11 Martin Sandoval Democratic Chicago 2003 2022
12 Steven Landek Democratic Bridgeview 2011 Ɨ 2022
13 Robert Peters Democratic Chicago 2019 Ɨ 2020
14 Emil Jones III Democratic Chicago 2009 2022
15 Napoleon Harris Democratic Harvey 2013 2022
16 Jacqueline Y. Collins Democratic Chicago 2003 2020
17 Elgie Sims Democratic Chicago 2018 Ɨ 2022
18 William Cunningham Democratic Chicago 2013 2022
19 Michael Hastings Democratic Tinley Park 2013 2020
20 Iris Martinez Democratic Chicago 2003 2022
21 Laura Ellman Democratic Lisle 2019 2022
22 Cristina Castro Democratic Elgin 2017 2020
23 Tom Cullerton Democratic Villa Park 2013 2022
24 Suzy Glowiak Democratic Western Springs 2019 2022
25 Jim Oberweis Republican Sugar Grove 2013 2020
26 Dan McConchie Republican Hawthorn Woods 2016 Ɨ 2022
27 Ann Gillespie Democratic Rolling Meadows 2019 2022
28 Laura Murphy Democratic Des Plaines 2015 Ɨ 2020
29 Julie Morrison Democratic Deerfield 2013 2022
30 Terry Link Democratic Waukegan 1997 2022
31 Melinda Bush Democratic Grayslake 2013 2020
32 Craig Wilcox Republican McHenry 2018 Ɨ 2022
33 Don DeWitte Republican St. Charles 2019 2022
34 Steve Stadelman Democratic Rockford 2013 2020
35 Dave Syverson Republican Rockford 1993 2022
36 Neil Anderson Republican Rock Island 2015 2022
37 Chuck Weaver Republican Peoria 2015 Ɨ 2020
38 Sue Rezin Republican Morris 2010 Ɨ 2022
39 Don Harmon Democratic Oak Park 2003 2022
40 Patrick Joyce Democratic Kankakee 2019 Ɨ 2020
41 John Curran Republican Woodridge 2017 Ɨ 2022
42 Linda Holmes Democratic Aurora 2007 2022
43 Pat McGuire Democratic Joliet 2012 Ɨ 2020
44 Bill Brady Republican Bloomington 2002 Ɨ 2022
45 Brian W. Stewart Republican Freeport 2018 ƗƗ 2022
46 David Koehler Democratic Peoria 2006 2020
47 Jil Tracy Republican Quincy 2017 2022
48 Andy Manar Democratic Bunker Hill 2013 2022
49 Jennifer Bertino-Tarrant Democratic Shorewood 2013 2020
50 Steve McClure Republican Springfield 2019 2022
51 Chapin Rose Republican Mahomet 2013 2022
52 Scott M. Bennett Democratic Champaign 2015 Ɨ 2020
53 Jason Barickman Republican Bloomington 2013 2022
54 Jason Plummer Republican Edwardsville 2019 2022
55 Dale Righter Republican Mattoon 2003 2020
56 Rachelle Crowe Democratic Glen Carbon 2019 2022
57 Christopher Belt Democratic Cahokia 2019 2022
58 Paul Schimpf Republican Waterloo 2017 2020
59 Dale Fowler Republican Harrisburg 2017 2022
  • Ɨ Legislator was appointed to the Illinois Senate during session.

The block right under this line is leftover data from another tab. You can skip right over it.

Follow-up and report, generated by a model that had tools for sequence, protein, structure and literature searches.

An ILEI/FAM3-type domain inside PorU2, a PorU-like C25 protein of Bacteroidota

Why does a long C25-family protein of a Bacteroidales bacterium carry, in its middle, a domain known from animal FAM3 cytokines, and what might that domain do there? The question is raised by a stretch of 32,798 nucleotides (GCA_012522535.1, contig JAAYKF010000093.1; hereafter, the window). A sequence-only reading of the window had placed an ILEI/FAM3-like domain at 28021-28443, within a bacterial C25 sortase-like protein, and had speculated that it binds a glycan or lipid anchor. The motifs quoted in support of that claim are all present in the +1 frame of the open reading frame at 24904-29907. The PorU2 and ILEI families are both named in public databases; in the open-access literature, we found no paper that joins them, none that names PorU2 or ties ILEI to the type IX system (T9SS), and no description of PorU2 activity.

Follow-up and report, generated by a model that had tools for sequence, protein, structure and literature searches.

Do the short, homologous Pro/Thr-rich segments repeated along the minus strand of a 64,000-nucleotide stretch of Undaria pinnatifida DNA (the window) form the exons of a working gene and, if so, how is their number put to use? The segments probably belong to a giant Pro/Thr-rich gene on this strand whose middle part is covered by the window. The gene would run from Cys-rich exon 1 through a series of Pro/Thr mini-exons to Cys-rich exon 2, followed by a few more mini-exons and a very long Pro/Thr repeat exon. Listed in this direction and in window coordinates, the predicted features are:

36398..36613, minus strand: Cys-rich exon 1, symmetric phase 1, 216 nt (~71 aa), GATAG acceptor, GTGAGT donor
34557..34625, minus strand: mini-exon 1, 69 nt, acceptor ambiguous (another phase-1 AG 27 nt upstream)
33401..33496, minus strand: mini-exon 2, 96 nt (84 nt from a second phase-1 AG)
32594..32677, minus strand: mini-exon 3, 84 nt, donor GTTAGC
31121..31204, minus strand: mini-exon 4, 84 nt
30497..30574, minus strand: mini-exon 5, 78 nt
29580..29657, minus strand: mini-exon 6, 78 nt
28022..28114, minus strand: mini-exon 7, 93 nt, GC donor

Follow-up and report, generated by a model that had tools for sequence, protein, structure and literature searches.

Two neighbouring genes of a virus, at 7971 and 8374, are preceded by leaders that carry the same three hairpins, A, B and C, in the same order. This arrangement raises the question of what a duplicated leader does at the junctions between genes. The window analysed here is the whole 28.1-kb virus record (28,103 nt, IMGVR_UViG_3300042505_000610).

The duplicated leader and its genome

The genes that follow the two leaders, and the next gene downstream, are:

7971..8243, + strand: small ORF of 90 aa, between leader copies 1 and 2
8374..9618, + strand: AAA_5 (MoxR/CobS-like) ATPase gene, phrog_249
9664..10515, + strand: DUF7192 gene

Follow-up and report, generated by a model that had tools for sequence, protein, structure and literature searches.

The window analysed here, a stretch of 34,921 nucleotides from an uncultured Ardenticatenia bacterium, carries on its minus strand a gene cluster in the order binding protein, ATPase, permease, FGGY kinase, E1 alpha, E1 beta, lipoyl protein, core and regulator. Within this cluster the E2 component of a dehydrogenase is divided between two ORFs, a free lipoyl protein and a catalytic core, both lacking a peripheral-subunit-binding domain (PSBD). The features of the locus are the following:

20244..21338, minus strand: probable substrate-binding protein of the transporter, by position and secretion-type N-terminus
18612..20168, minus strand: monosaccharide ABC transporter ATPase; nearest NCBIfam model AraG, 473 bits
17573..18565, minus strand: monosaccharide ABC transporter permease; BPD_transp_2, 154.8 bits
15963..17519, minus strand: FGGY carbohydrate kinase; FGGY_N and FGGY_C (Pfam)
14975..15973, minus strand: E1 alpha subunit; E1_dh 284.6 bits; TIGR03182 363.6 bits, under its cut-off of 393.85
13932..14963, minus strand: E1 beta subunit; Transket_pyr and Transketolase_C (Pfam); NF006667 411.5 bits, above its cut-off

• ƗƗ Legislator was appointed to the Illinois Senate after being elected, but prior to inauguration day of the General Assembly to which they were elected.

Past composition of the Senate

References

  1. ^ "Wayback Machine" (PDF). October 7, 2012. Archived from the original (PDF) on October 7, 2012.
  2. ^ Illinois Constitution Article IV, Section 2(a) http://www.ilga.gov/commission/lrb/con4.htm
  3. ^ Illinois Constitution Article IV, Section 2(b) http://www.ilga.gov/commission/lrb/con4.htm
  4. ^ Gonzales, Nathan (February 13, 2007). "The Ever-'Present' Obama". The Rothenberg Political Report. Retrieved September 26, 2014.
  5. ^ Burnett, Sara (February 14, 2013). "Illinois Senate votes to legalize gay marriage". Associated Press. Retrieved September 26, 2014.
  6. ^ Sam McCann (District 50) switched parties from Republican to the Conservative Party, which McCann created for the purpose of running for governor.
  7. ^ "Illinois Democrats will have historic majorities". WQAD.com. November 29, 2018. Retrieved January 21, 2019.
  8. ^ Thomas, Whitney Freund (April 1998). "Florence Fifer Bohrer: A Woman Before Her Time". Illinois History: A Magazine for Young People. 51 (3): 59–60.
  9. ^ Gherardini, Caroline, ed. (February 1984). "Honors". Illinois Issues. Vol. 9 no. 2. Springfield, Illinois: Sangamon State University. p. 41. ISSN 0738-9663. Retrieved August 21, 2017.
  10. ^ Musser, Ashley; Dutton, Julie (February 11, 2016). "Illinois Women in Congress and General Assembly" (PDF). Springfield, Illinois: Illinois Legislative Research Unit. Retrieved August 21, 2017.
  11. ^ Miller, David R. (ed.). "A Former New Member: Barack Obama (D-13, Chicago) (From First Reading, December 1996)" (PDF). First Reading. Springfield, Illinois: Illinois Legislative Research Unit. p. 4.

External links

This page was last edited on 9 November 2019, at 04:01